By Andrew Liszewski
In-flight personal entertainment systems have made increasingly cramped air travel slightly more tolerable. You don’t have to strain your neck to see an inconveniently located overhead screen, nor do you have to watch what everyone else is. But they’re usually only found on newer planes flying long-haul routes, because it’s expensive to retrofit an older plane with the integrated systems, which basically require new seats. So SkyCast has created the TrayVu system. Instead of requiring brand new seats with LCD displays popping out the back, the TrayVu simply replaces an existing seat’s fold-down tray.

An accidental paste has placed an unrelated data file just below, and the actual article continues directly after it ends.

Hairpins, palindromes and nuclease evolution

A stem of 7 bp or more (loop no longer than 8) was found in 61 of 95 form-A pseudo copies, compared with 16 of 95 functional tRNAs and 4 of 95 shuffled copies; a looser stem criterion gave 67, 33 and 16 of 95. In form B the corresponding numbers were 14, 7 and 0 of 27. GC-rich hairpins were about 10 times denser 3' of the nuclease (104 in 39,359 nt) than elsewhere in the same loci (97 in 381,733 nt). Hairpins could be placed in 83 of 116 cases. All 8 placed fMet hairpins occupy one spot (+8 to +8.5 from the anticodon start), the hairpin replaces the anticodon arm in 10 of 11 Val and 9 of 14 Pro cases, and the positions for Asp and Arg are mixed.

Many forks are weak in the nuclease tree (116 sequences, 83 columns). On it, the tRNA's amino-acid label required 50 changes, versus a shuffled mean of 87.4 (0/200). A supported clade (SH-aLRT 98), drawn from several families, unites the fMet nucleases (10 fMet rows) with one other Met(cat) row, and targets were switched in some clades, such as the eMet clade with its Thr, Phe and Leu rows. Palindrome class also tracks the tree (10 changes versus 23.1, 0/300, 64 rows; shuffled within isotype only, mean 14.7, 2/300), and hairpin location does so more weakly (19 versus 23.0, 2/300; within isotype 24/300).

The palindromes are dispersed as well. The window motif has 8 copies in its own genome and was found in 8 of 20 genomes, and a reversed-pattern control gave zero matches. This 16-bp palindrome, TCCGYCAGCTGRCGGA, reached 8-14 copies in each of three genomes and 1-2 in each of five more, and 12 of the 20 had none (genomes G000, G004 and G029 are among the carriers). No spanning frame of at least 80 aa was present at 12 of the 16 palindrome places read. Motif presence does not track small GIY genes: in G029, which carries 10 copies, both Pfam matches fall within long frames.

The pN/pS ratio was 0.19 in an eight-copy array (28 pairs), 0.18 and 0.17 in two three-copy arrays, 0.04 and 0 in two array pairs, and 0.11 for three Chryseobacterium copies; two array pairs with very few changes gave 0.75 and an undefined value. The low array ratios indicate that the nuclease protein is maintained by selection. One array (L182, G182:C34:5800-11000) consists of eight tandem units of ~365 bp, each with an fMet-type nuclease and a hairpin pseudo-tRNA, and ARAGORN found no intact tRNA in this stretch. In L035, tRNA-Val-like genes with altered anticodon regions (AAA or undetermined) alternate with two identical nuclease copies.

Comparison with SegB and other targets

Thanks to a clever design, which basically amounts to a hole cut in the tray, the display is still viewable and accessible during takeoffs, landings and turbulence. Which is important, since besides providing calming, in-flight entertainment, the TrayVu system is also a great source of revenue for the airline. Displaying ads and running commercials obviously accounts for a good chunk of change, but each tray also has its own credit card reader. So passengers can shop via online stores, and make in-cabin food and drink purchases. They can even start a per-flight tab if they so choose. The cost of each TrayVu unit is about $2,000, compared to $4-8,000 for an entire IFE-equipped seat. And broken or damaged units are easily swapped out by just removing a couple of screws.